Selective Criticism

This past November, Massachusetts passed a new law regarding animal confinement practices in poultry, pig, and cattle farming. ( Farms in Massachusetts now have until 2022 to implement practices that will be in accordance with this law. The law makes it illegal to raise animals in unreasonably confining spaces, which (aside from being a frustratingly vague and indeterminate phrase) probably means that calves can no longer be raised in crates, sows can no longer be kept in gestation pens, and meat birds can no longer be kept in feeder cages. Massachusetts is now leading the way nationwide with the most comprehensive animal confinement law in the country and deserves credit for its initiative in this regard. However, there has been a general uproar around animal confinement that, although quite legitimate in cases in which animals have actually been abused, is often blown out of proportion and deserves a more thoughtful analysis.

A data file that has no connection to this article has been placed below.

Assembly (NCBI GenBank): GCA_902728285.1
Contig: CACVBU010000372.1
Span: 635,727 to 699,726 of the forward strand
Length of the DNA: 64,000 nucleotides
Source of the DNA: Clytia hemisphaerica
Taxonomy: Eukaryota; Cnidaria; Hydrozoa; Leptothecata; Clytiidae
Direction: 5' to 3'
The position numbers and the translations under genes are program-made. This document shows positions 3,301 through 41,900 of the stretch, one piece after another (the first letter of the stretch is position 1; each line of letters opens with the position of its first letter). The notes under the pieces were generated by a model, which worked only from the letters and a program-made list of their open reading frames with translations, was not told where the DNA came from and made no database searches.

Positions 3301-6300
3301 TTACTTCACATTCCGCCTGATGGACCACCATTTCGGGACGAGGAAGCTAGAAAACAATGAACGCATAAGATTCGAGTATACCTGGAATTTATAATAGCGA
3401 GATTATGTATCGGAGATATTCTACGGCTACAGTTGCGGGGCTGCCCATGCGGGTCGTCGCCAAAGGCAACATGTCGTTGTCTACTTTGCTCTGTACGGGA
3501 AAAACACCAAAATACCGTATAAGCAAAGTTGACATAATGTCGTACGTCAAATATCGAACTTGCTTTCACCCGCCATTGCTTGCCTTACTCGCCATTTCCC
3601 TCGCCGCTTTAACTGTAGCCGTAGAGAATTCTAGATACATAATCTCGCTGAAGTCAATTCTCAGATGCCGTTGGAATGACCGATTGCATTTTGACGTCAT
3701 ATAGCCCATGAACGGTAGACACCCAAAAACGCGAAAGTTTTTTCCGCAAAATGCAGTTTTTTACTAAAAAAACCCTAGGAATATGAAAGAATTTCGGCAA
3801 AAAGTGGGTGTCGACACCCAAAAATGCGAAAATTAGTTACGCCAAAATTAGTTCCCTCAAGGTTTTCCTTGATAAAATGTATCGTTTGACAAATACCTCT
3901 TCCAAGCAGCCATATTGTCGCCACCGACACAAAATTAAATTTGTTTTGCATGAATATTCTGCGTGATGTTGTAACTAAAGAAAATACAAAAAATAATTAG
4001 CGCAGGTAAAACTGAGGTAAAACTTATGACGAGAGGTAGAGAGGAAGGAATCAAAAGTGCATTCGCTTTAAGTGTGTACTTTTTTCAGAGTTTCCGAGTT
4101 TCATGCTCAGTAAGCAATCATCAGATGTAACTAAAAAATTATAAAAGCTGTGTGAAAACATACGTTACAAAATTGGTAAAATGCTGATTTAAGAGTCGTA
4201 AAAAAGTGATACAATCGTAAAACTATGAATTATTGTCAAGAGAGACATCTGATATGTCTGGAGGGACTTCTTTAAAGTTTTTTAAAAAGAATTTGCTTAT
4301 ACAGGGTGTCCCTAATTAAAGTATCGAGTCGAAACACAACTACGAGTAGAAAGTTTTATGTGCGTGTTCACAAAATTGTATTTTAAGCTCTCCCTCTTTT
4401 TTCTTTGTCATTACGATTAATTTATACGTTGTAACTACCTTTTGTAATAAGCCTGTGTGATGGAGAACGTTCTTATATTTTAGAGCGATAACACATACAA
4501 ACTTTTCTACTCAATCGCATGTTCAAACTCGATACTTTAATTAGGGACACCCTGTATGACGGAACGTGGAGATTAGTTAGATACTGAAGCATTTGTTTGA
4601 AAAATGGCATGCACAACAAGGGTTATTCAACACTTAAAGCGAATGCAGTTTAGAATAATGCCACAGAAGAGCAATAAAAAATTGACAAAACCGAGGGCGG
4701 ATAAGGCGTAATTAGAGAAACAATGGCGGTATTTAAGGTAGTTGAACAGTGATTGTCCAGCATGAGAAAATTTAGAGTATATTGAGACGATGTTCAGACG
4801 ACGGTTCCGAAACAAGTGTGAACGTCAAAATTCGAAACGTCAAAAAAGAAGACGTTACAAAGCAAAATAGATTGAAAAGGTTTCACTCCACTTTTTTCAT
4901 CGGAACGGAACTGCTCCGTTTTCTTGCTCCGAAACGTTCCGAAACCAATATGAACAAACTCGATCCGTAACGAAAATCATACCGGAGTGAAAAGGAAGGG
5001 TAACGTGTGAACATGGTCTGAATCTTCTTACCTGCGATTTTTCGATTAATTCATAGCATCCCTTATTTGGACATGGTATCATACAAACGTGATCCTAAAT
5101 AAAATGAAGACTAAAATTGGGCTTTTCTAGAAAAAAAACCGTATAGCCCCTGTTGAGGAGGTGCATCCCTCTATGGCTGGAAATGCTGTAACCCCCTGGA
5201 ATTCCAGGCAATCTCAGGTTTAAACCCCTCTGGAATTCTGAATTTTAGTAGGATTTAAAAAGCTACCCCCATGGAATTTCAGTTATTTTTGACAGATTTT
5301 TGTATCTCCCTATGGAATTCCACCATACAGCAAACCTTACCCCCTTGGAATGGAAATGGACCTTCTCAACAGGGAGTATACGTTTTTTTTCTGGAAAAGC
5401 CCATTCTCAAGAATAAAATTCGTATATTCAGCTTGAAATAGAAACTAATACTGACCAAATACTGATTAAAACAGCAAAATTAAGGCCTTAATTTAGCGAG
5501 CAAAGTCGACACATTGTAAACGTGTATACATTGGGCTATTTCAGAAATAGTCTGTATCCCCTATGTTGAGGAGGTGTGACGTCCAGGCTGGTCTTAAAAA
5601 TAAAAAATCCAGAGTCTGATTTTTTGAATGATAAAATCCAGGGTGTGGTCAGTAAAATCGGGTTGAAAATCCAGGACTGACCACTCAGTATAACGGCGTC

In an earlier blog post that discussed Concentrated Animal Feeding Operations (CAFO’s) and the animal rights debates that surround them, I mentioned that many in society condemn CAFO’s and other such entities for abusing the animals they raise. As I said in that post, I agree that there are instances in which abuse has happened, and I agree completely with those who say that such instances are unwarranted, unjust, and shameful. I also pointed out that the environmental damage from CAFO’s can be (and, in some cases, has already been) very significant and can contribute to instances of unacceptable environmental injustice that must be addressed. However, I pointed out in that post that such instances are not necessarily the norm. It is simply not the case that every single animal in a CAFO or large farming operation is being abused, or that all of the meat coming from such places is completely unhealthy. Let’s be careful not to group all animal confinement into one box and say that it’s inherently evil. Keeping a hog in a CAFO in a cage so small they can’t turn around is an entirely different thing than what the vast majority of family farmers do when they keep their feeder calves in small barnyards or keep their birthing sows in gestation stalls to keep them safe from potential disease.